More cheerful news is that I have written my presentation for the AIIM conference next month. Maybe I can pick up some work there? Pity it's in New Orleans though as I'd prefer work in Europe.

Monday, 4 February 2013

London Mystery Walk

Saturday I was supposed to attend the Exploriens Lewes Castle & South Downs walk but I overslept (I blame the jaunt to the Mile End Climbing Wall the night before) so rather than do no walking at all I joined Anna B and Magda H at the London Hikers Westminster Mystery Walk which was meeting at 3pm (far more civilised) by Covent Garden tube.

It was a good sized group at about 35 (plus the odd party crasher like myself) a few of whom I of course already know from other walks/hikes. We headed off from M&S, with the first stop at Bow Street Magistrates Court.

Bow Street Magistrates Court is famous in particular for the Bow Street Runners but I leave it to the reader to click through for further info. Our guide explained to us that the reason the lights outside of this police station are white instead of the usual blue dates back to Queen Victoria finding the blue light upsetting because her Prince Albert died in a blue room. ::shrug:: I'm dubious.

Anyway, the Magistrates Court is across from the Royal Opera House and there is a lovely statue dedicated to all of the ballerinas.

We then went west to Lazenby something or other. Alley I suppose. It was interesting because there were original gas lamps there which are run off of the methane that is bled form the sewer system.

We then went down past the English National Opera toward Trafalgar Square, passing London's narrowest Alley along the way.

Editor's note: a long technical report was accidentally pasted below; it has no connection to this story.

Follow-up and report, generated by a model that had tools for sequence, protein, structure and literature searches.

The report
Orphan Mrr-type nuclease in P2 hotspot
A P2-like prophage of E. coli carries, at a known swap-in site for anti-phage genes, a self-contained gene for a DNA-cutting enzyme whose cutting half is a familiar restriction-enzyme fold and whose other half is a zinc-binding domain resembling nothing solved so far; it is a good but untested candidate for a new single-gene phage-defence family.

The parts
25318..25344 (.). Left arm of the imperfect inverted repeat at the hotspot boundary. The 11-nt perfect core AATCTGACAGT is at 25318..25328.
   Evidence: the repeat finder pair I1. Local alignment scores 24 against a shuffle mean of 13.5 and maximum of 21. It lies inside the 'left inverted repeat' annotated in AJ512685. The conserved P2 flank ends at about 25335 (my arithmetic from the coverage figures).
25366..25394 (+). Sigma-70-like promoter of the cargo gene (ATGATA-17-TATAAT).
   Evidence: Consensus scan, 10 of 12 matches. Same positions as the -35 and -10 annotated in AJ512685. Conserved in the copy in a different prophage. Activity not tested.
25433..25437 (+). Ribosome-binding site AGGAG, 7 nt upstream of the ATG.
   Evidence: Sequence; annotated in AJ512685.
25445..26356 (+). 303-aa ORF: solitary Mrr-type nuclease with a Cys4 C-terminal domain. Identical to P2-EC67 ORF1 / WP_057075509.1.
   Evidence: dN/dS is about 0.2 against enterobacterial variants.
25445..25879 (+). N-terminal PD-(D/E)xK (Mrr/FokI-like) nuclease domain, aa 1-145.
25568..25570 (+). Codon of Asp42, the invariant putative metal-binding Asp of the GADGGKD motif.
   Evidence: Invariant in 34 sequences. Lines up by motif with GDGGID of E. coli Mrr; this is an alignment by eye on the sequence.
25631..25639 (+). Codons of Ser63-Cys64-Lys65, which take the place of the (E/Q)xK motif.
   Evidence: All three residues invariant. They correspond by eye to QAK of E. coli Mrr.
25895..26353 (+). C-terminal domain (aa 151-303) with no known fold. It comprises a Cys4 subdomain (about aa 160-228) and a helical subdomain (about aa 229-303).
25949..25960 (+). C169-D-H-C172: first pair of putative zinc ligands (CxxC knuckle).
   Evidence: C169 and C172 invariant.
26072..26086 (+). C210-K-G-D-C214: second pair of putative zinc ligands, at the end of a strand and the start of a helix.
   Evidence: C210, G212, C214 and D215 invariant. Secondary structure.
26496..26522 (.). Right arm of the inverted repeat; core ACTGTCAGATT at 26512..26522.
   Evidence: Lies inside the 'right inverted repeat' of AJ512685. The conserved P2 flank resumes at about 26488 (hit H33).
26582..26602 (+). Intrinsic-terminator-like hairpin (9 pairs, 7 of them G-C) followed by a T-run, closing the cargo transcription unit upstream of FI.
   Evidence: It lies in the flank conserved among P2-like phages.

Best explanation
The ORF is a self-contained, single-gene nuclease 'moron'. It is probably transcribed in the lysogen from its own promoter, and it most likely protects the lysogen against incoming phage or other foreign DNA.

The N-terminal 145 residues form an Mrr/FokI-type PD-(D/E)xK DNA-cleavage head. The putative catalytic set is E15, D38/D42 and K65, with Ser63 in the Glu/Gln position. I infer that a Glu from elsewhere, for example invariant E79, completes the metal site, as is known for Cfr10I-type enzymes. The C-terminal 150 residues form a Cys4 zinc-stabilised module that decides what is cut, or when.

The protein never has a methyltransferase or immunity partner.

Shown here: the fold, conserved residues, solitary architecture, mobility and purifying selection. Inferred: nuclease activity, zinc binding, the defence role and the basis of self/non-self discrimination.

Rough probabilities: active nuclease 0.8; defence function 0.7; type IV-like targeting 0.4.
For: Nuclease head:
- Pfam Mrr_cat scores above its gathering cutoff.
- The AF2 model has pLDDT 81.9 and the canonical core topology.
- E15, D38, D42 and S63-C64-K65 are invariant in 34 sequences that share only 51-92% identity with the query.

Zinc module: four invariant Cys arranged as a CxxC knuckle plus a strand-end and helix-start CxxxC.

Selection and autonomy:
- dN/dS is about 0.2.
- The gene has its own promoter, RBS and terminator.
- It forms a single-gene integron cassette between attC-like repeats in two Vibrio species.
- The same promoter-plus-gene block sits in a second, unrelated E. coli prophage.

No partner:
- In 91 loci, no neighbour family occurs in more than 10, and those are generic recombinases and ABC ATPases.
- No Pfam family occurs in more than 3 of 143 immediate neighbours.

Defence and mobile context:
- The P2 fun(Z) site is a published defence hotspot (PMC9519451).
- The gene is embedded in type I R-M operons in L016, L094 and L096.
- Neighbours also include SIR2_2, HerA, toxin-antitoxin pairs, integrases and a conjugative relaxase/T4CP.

Thence to Trafalgar Square where we heard a bit about the history of the square and Nelson's Column. I had had no idea how recent all of it was/is!

We then went up Pall Mall a trifle, passing the British Council and the touring statue of Yuri Gagarin (with a very strange Moebius orbit thingie).

We then walked up by the Royal Society to hear the story of the statue to the Duke of York as well as the statue of Florence Nightingale. And some mulled wine.

Then it was across the Mall to Horse Guards.

At which point the battery on my camera died so I had to resort to using my iPhone. :-(

So a quick wizz past Downing Street to the Cenotaph.

Down past the Foreign & Commonwealth Office

Past the memorial to the Terrorist Attack in Bali and across the road to the Duck Pond House

Then down to Westminster Abbey

Through the Dean's Yard, the around the back to the Houses of Parliament.

Then off to the Silver Cross Pub for drinks and a pub quiz. Not the lengthiest of walks but it was ruddy cold and I was aching from climbing the night before so probably just as well, eh? I'd also say this walk was more touristy/history than mystery but hey-ho. Still good to be off the sofa and out with mates.

Sunday, 3 February 2013